Tuesday, January 6, 2009

I wish I would have...

One of the common "errors" that I've been noticing recently is the use of "I wish I would have" (and similar constructions) for "I wish I had" (and similar constructions). Of course in reality there's nothing wrong with this construction; it's simply not the proscriptive one. My guess is that it's not even the less common construction.

A quick check on google gives the following results:

  • "I wish I would have" - 5,080,000
  • "I wish I had" - 19,900,000


Okay, so the nonstandard construction is indeed less common, but only by about 4:1. And five million hits is enough to question why people use this construction. Saying "that's how they learned it" isn't explanatory, because this just shifts the question back a generation, to why their parents said it that way, ad infinitum. My bet would be on the desire for a different construction marking the protasis of a conditional clause (the protasis is "if" clause of a conditional construction; the apodosis is the "then" clause). While language does tend to eschew redundancy, there are so many cases of redundancy in language(s) that this is clearly a constraint which is readily violated. The phrasing "I wish I had gone to the store" is perhaps a bit puzzling if we take out the conditionality. Why "I had gone to the store"? Why not "I have gone to the store"? After all, it's a wish about the present situation. This may be why some people prefer "I wish I would have gone to the store", because it's transparent. "I would have gone to the store" makes more sense out of the subordinate context, and simultaneously shows the conditional/irrealis nature of the wish in a way "I wish I had gone to the store" does not.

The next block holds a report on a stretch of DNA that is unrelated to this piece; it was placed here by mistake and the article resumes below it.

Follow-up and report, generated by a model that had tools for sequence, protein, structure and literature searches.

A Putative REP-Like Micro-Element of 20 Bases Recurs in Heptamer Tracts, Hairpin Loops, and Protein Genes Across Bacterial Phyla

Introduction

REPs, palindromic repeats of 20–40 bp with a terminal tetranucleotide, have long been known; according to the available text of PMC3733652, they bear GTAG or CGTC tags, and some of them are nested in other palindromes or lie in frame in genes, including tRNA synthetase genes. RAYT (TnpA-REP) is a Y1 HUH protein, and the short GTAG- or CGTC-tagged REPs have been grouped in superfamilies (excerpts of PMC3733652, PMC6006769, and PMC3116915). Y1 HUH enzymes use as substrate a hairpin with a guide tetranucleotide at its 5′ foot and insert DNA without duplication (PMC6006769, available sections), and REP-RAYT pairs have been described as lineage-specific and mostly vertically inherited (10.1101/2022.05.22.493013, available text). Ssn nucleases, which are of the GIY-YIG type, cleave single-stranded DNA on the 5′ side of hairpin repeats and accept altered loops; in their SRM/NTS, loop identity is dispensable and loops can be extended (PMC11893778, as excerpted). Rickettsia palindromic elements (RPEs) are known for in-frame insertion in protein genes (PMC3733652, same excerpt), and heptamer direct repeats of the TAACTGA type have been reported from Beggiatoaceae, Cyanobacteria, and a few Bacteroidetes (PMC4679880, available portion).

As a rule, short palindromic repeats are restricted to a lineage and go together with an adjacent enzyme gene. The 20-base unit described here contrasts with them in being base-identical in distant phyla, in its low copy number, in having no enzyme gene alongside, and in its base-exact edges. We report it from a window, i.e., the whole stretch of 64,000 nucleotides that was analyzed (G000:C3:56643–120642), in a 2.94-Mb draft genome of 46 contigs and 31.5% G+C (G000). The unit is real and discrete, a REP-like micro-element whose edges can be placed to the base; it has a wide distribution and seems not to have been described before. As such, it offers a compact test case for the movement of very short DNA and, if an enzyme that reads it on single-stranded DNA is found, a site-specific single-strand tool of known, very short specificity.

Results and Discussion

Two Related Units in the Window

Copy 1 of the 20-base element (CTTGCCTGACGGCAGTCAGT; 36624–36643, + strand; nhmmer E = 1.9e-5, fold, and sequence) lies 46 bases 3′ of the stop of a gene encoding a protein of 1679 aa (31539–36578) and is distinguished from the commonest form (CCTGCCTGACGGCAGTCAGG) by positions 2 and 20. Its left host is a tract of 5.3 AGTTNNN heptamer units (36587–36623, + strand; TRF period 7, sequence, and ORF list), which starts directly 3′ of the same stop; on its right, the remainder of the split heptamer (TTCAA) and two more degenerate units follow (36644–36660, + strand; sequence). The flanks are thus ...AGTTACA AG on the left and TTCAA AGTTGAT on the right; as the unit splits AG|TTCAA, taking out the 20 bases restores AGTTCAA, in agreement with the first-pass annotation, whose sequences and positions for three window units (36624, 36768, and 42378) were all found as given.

6 comments:

literalminded said...

Maybe it's analogy with the more acceptable wish I could have.

austerity101 said...

The reason that it's "I wish I had gone" and not "I wish I have gone" is because it's not actually an issue of tense, but of mood. Unfortunately, in English, most of our subjunctive use looks exactly like the past tense, which leads to people saying "I wish I was rich" instead of "I wish I were rich."

And "I wish I could have" is also incorrect. "I wish I had been able to" would be a more correct construction, although I do find myself using the the former in speech from time to time.

austerity101 said...

On second thought, I think a case could be made for "I wish I could have gone," since we would say "I wish I could go" in another instance. But for me, "could" still stands out as a conditional word, and one that suggests the future in some capacity.

Largo said...

I wish he had studied harder for the final exam -- it turned out to be harder than expected.

I wish he would have studied harder for the final exam -- but his term grade was so low that he had given up hope.

Anonymous said...

I wish you had used the word "prescriptive" instead of "proscriptive." Very confusing and absolutely incorrect, although it doesn't quite succeed at communicating the opposite of what you meant: "To proscribe" means to prohibit.

Ryan Denzer-King said...

By "proscriptive" I meant "from the stance of proscriptive people". "Prescriptive" is more often used to mean the type of grammar people learn in an English class (which is obviously a different grammar than most people use), but I often use the term "proscriptive" to refer to this state of mind, since most prescriptive edicts are proscriptions, e.g., your claim that my use of "proscriptive" is "very confusing and absolutely incorrect". Perhaps I should have mentioned "I wish I would have" as a proscribed construction instead.